Friday, August 22, 2008

Froggy the Hitchhiker

This little guy decided to ride out Tropical Storm Fay inside with my plants. If you look carefully at the first picture you can see another set of little eyes from inside the roots. It's called a Greenhouse frog Eleutherodactylus planirostris (Cope 1862)
Thanks to Mr & Mrs Apteryx australis @ for a speedy proper Id. I confirmed that here

Greenhouse frogs are brown with distinct reddish tones. The tip of the snout is red and there is usually a black interorbital blotch (Dundee and Rossman, 1989). The legs are banded with brown. The eyes are reddish and the belly is white. The vomerine teeth are in transverse series behind the internal nares. The toepads are truncated. The toes are long and slender with strongly developed tubercules at the joints and terminal disks. The toes lack webbing (Wright and Wright, 1949; Behler, 1979; Dundee and Rossman, 1989; Conant and Collins, 1991). They have somewhat of a pointed nose (Carmichael and Williams, 1991). There are two morphs, a striped morph with longitudinal light stripes, and a mottled morph with irregular dark and light markings (Behler, 1979; Ashton and Ashton, 1988; Dundee and Rossman, 1989; Conant and Collins, 1991). From a total of 211 specimens collected in Miami, and the upper and lower Keys, Duellman and Schwartz (1958) found the mottled morph to be consistently more common (ranging from 55.9 to 71.6% of the specimens) than the striped morph (ranging from 28.4 to 44.1% of the specimens) in each area.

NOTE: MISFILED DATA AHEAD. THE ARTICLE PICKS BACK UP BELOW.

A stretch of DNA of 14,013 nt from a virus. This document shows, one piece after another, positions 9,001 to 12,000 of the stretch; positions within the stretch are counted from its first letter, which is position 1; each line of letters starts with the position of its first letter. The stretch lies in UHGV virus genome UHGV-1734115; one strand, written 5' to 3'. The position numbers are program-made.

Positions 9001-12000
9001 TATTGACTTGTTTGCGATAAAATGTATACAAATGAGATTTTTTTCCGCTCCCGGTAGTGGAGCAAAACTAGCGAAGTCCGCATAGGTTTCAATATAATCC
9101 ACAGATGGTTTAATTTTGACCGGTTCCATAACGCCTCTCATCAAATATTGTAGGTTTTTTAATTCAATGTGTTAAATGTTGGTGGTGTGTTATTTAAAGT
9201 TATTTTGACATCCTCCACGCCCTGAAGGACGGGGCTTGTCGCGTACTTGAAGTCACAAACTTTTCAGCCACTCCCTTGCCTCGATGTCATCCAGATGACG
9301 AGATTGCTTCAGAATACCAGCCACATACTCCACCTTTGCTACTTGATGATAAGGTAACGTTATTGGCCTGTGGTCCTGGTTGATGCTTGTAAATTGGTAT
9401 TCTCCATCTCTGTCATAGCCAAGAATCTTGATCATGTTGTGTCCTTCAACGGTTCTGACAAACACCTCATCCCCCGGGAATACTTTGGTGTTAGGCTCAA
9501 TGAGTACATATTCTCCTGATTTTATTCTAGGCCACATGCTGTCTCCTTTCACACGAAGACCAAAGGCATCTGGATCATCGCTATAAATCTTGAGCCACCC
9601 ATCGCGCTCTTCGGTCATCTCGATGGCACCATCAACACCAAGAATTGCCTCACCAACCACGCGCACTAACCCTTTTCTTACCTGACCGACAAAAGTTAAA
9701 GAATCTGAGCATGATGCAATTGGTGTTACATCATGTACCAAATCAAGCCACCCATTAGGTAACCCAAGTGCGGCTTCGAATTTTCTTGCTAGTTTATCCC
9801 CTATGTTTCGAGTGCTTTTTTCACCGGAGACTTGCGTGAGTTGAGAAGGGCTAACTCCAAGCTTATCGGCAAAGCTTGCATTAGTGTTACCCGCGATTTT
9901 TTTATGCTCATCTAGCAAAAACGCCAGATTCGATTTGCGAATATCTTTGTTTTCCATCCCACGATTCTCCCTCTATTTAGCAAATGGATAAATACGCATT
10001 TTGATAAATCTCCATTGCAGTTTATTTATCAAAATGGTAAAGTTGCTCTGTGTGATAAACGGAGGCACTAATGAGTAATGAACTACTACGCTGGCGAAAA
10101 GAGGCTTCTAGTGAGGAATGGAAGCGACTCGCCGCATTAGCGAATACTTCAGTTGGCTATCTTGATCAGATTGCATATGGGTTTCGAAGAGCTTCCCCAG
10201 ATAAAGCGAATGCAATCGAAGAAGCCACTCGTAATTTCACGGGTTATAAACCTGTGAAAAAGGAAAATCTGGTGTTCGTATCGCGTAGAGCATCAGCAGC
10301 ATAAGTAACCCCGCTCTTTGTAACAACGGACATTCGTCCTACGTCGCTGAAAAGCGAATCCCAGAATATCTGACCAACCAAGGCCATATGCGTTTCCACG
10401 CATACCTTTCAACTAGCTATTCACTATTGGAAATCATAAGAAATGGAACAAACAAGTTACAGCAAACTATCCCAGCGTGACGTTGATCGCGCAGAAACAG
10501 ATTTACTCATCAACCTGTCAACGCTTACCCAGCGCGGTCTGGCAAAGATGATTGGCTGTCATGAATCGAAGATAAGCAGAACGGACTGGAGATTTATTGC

Greenhouse frogs are mostly terrestrial and nocturnal, seeking shelter by day beneath boards, leaves, trash, or other debris where there is moisture. Their call is a faint cheep repeated one to four times. Their voice resembles that of an insect. They call at night or during rains usually from April to September in Florida (Ashton and Ashton, 1988). They thrive in altered areas and are commonly found in greenhouses, gardens, junk yards, and also occur in moist wooded areas and gopher tortoise burrows (Carmichael and Williams; Conant and Collins, 1991).

excerpt from

Creative Commons License
Froggy the Hitchhiker by Eric Bronson is licensed under a Creative Commons Attribution-Noncommercial-No Derivative Works 3.0 United States License.
Based on a work at